It was under administration and I spent a couple of months with the engineers and realised that in terms of methodology and process, the quality wasn’t up to software industry standards. I decided not to invest but saw huge potential in the technology and decided to make it happen my way. I wanted to start on a blank page.
The company ended up being liquidated and I recruited four of the engineers. That was the beginning of EasyMile. Me and those four guys!
Can you tell us a story about the hard times that you faced when you first started your journey? Did you ever consider giving up? Where did you get the drive to continue even though things were so hard?
I’ve never experienced seriously hard times. Sometimes you lose a deal and you can take it personally because of course, you bear some of the responsibility for the failure. Thankfully though my companies have never been at risk. I put this down to a combination of being level-headed and convinced of heading in the right direction.
Giving up is something I won’t consider unless the business case is rationally going nowhere. I’m a long-distance runner and have been running long distances for a long time now. I know that sometimes there are downs but that they are always followed by ups. You just have to be patient and keep focussed.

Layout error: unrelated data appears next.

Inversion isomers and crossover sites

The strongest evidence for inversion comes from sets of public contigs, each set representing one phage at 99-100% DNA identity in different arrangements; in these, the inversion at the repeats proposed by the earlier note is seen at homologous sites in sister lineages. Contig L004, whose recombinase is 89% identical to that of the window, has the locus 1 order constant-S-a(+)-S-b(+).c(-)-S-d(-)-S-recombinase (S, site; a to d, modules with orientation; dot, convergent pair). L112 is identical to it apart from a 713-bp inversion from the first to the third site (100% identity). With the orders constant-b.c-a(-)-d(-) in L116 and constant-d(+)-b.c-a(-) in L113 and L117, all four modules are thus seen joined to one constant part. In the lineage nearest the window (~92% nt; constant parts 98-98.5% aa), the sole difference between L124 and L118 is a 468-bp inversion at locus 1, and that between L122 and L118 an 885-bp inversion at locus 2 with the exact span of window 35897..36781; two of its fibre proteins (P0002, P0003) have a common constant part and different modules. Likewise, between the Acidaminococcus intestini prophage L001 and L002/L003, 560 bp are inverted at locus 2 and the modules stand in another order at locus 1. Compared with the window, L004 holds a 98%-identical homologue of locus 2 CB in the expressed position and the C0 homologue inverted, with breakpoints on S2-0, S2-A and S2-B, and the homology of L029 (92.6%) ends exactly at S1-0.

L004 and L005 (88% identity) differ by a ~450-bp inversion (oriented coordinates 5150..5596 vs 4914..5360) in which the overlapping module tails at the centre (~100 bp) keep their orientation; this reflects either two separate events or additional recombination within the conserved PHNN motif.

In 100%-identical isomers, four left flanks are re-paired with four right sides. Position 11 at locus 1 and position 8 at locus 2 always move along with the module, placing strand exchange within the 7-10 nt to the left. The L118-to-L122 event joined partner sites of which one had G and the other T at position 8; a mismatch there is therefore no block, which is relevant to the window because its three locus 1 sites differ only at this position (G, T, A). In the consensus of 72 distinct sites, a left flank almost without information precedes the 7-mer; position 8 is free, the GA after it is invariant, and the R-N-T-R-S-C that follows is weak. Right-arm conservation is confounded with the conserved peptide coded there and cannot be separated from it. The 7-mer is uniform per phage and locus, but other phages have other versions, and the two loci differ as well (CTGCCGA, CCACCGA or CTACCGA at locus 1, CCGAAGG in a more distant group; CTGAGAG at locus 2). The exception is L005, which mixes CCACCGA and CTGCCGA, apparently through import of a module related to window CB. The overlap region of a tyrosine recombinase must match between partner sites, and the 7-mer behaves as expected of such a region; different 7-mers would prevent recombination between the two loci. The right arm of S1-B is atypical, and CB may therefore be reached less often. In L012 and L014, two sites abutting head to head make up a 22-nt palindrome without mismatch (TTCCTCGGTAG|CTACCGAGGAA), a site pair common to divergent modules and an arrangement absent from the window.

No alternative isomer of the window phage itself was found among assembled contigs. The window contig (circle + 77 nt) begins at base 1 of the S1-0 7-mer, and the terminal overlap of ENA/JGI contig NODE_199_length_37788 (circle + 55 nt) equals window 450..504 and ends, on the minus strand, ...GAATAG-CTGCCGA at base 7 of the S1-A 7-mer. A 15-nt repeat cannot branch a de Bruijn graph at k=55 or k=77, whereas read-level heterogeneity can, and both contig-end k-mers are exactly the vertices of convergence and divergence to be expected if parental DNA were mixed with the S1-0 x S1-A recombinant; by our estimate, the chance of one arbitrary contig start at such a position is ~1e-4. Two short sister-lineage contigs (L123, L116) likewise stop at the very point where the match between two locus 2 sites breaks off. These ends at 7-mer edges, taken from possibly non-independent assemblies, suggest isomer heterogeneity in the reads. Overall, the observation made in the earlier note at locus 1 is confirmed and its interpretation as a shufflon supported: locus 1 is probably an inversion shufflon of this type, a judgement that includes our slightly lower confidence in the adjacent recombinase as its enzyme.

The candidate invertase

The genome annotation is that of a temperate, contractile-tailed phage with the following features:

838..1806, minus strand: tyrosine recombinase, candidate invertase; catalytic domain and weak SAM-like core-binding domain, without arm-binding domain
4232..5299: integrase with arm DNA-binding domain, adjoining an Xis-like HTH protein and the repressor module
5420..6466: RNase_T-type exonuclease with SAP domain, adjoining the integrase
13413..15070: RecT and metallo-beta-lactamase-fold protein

My drive is very personal. I want to prove to myself that I can make it. Will each thing I do change my life? Probably not. But the ups and downs are part of the journey and I want to get there.
So, how are things going today? How did your grit and resilience lead to your eventual success?
EasyMile is growing fast. We have nearly 220 employees in 5 locations around the globe and our autonomous shuttles are the most deployed in the world. We have other product lines we are expanding and business is good.
I think my success today lies in my experience with my previous company. We were ‘comfortable’ for a number of years. It was my business partner and me, 15–20 people, not a lot of growth but profitable. We sold software to banks and financial institutions and I thought sales were pretty good. Until a game changer came our way, and we seized it.